“And we have the Water Resilience Portfolio to guide our actions,” she said.

Beyond the General Fund, the administration was also pitching a climate resilience bond of nearly $5 billion. That would have delivered another $395 million to GSAs to support projects and programs for SGMA plans.

Danny Merkley

California Farm Bureau analyst Danny Merkley at the bureau's annual meeting in December.

While the administration withdrew this proposal, another bond measure – for nearly $7 billion – which is advancing in the Assembly, offers the same amount of funding for SGMA projects. Assembly Bill 3256 would also bring $50 million to farmers and ranchers for projects that include groundwater recharge. Another $40 million would go toward on-farm water use efficiency projects. The Senate version of a climate resilience bond has stalled since January. It offers similar measures with varying amounts of funding.

With the Legislature back in session this month, both houses have been diving into lengthy budget hearings. Agricultural and rural interest groups have raised concerns over the budget cuts for SGMA, while putting a spotlight as well on areas where funding is increasing for water policies.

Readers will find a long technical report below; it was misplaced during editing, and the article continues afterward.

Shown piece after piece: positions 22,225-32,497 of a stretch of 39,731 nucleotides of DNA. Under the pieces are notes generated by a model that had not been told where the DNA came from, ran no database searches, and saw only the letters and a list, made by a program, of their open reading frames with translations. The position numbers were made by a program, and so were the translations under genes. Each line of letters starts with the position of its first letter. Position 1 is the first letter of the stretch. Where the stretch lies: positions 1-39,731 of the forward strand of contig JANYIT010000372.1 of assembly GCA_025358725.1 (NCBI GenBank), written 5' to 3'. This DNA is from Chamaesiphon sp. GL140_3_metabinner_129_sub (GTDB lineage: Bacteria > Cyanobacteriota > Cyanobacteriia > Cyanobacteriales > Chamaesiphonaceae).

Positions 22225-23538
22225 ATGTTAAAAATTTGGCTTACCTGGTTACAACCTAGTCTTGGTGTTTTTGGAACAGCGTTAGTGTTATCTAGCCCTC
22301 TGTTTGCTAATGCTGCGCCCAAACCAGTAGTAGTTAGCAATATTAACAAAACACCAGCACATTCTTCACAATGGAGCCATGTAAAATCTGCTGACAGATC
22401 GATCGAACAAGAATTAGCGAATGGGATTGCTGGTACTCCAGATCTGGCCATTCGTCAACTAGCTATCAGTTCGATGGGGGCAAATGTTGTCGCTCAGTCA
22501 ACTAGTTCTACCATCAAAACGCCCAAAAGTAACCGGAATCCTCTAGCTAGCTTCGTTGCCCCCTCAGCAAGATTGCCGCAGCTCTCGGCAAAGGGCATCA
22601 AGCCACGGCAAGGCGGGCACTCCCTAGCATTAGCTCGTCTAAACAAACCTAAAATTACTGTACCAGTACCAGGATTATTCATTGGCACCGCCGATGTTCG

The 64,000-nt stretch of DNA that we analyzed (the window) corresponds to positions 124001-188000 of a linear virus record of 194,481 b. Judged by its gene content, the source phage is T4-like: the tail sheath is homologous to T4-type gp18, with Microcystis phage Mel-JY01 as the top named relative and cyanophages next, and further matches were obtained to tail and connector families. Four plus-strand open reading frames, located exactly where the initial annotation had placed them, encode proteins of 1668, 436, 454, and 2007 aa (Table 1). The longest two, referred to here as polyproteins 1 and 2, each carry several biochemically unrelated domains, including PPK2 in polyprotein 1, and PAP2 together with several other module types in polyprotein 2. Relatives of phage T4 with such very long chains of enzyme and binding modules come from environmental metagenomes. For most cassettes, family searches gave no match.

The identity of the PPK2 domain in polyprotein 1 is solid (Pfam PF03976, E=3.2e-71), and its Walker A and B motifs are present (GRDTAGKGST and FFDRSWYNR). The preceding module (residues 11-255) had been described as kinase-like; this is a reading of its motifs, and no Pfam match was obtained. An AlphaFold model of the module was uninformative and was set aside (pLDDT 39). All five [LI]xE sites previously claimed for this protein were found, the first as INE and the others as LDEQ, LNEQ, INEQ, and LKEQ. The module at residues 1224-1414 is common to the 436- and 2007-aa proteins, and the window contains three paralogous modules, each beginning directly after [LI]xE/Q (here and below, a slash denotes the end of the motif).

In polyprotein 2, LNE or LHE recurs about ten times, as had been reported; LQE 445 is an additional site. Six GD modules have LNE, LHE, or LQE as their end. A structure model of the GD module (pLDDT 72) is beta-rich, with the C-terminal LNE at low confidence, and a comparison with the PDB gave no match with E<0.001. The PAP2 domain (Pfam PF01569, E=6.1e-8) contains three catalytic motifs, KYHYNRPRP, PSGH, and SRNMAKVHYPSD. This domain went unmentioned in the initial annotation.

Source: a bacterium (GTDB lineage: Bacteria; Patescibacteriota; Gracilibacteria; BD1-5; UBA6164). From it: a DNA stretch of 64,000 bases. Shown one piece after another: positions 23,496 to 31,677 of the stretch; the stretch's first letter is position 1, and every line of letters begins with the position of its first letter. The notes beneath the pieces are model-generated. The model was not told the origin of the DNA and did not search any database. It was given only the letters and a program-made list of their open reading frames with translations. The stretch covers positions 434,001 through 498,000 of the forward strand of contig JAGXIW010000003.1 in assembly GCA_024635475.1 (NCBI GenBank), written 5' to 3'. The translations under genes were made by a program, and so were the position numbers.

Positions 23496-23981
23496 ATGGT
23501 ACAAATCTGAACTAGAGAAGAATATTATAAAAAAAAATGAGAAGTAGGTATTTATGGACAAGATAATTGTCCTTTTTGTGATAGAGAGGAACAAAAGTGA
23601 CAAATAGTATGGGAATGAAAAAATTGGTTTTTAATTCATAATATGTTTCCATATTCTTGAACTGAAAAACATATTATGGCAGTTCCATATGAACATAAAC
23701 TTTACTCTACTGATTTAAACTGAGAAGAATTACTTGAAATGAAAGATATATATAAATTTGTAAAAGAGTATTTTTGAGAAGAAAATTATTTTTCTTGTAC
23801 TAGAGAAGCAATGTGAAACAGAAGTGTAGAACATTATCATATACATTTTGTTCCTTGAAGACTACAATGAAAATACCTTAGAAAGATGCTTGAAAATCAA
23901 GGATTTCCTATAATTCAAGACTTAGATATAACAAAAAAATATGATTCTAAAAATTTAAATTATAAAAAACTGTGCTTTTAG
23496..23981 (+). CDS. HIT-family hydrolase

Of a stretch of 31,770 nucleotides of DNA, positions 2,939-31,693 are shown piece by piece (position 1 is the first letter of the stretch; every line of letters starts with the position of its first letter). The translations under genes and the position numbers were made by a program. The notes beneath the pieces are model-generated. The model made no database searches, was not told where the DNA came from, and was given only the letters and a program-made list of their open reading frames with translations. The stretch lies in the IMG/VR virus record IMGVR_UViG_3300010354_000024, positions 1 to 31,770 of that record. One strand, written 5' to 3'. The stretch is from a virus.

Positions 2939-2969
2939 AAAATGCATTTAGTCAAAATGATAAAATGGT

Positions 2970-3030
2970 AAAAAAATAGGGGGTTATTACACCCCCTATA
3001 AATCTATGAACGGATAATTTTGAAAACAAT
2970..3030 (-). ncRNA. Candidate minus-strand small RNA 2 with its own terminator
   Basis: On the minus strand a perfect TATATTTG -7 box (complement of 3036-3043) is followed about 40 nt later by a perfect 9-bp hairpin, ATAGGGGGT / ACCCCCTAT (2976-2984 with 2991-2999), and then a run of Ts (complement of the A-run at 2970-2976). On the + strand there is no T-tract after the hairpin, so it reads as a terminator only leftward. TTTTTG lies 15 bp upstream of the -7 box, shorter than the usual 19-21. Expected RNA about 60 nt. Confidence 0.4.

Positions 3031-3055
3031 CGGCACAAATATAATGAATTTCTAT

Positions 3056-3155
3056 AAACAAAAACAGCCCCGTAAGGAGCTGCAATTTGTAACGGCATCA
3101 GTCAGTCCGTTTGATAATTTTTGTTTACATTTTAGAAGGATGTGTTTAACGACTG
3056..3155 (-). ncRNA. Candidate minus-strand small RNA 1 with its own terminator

“We're particularly concerned that money for disadvantaged communities dependent upon groundwater – and the potential unemployment resulting from land fallowing – will not be available,” said Mary-Ann Warmerdam, senior legislative advocate for the Rural County Representatives of California, at a budget subcommittee hearing on Thursday.

Lauren Noland-Hajik, a policy advocate representing agricultural associations and commissions for the firm Kahn, Soares and Conway, worried that with the budget cuts and the potential for SGMA to fallow up to one million acres of land in the San Joaquin Valley, other water agencies are planning to increase staffing and charge farmers and other stakeholders to cover the costs.

“With all of these changes – and with drought, with cutbacks in water supply – we don't think it's appropriate for the State Water Resources Control Board to increase permit fees on an industry that may be shrinking,” said Noland-Hajik.

Lawmakers who are usually on the opposite end of agriculture have also been taking notice of the cuts.

In a budget hearing on Sunday, Los Angeles Sen. Henry Stern complained about the SGMA cuts, calling the money "crucial to get through this megadrought this year for California agriculture."

"These costs will come back to bite us," he said. "Whether it's pulling up short on fires, the drought, pending extinctions or the crisis in agriculture, they're not going to go away.”


Top photo: Copies of Gov. Newsom’s revised 2020-2021 state budget. Photo by Rich Pedroncelli, AP Photo/Pool